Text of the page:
UFC president Dana White is not ruling out a Pride Fighting Championship revival in the future.
Speaking with Sun Media’s Scrapyard, White says he is pleased with the response to the historic Pride fights that have begun airing on SPIKE-TV Friday nights and if a growing number of fans tune in, a live Pride event may happen.
“You never know, anything is possible,” said White when asked if he’d consider hosting an event or two in a ring under the Pride brand.
“For its time slot on Friday night, the first episode pulled a good rating so we’re excited about that. We’re hoping that series will continue to do well.”
The UFC purchased Pride — considered by some the only real competitor to the UFC — in 2007 but was met with a hostile business climate in Japan when it tried to run the promotion. The promotion closed its offices in Japan in late 2007 and its stable of fighters were either signed to the UFC or dismissed outright.
“I don’t want to say the Pride name is dead. It’s still a strong powerful brand. But the reality is that us running Pride in Japan, that completely fell apart.”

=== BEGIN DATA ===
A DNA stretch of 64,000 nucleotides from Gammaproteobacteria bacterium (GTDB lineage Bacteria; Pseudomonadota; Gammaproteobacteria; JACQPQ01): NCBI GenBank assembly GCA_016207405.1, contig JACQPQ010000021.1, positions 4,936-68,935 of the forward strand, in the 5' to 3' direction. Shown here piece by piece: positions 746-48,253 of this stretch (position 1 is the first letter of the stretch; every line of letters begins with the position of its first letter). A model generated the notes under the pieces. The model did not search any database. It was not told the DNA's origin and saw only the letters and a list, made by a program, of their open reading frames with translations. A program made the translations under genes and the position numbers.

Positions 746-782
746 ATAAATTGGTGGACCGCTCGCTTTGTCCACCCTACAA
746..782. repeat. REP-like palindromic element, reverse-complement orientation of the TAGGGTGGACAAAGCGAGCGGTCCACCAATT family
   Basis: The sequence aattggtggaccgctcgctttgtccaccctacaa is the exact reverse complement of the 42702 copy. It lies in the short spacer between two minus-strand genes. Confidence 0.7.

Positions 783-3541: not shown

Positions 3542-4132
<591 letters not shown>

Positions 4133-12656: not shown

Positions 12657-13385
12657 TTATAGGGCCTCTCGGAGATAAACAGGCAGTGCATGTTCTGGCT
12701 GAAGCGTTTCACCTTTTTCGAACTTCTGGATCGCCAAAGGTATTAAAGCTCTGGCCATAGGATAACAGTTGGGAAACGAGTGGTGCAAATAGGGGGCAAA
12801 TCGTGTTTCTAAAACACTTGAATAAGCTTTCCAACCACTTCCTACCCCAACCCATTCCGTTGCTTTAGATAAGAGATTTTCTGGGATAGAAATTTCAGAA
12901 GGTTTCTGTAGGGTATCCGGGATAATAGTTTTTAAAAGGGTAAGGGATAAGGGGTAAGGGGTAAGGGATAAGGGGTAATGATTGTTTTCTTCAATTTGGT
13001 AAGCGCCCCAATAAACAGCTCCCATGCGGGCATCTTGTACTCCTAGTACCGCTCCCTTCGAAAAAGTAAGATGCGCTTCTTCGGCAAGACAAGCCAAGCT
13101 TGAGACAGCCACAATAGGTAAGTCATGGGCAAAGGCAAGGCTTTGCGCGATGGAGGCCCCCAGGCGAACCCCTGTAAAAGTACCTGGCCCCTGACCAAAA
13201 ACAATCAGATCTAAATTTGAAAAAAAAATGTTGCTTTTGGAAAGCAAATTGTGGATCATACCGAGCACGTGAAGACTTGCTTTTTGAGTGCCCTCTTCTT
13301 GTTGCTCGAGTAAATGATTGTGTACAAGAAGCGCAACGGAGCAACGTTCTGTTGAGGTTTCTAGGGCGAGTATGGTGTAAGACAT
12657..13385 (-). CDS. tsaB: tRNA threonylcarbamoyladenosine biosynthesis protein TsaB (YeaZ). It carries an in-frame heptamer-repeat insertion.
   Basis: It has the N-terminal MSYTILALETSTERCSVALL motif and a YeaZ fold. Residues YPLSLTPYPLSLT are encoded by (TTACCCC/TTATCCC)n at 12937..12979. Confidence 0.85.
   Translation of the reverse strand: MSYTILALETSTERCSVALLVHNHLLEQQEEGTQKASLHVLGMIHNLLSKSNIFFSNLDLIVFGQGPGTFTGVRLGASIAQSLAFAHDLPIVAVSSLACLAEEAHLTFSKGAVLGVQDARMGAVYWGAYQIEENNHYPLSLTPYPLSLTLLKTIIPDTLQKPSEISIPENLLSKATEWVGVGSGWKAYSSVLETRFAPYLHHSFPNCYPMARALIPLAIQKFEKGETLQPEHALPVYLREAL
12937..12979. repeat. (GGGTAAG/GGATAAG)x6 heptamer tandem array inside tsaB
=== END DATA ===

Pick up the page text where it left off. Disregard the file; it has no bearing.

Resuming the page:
Many of the UFC’s top fighters — including Wanderlei Silva, Antonio Rodrigo Nogueira and Cro-Cop — moved from Pride to the UFC after purchase.
Pride became famous with fight fans for its Grand Prix tournament-style fights as well as yellow cards — similar to those given in soccer — that were shown to fighters who were too inactive or disengaged in their fights.
There were subtle rule changes between Pride and the UFC and Pride was fought in a ring instead of an Octagon.
Primarily based Japan, Pride did hold two events in the United States.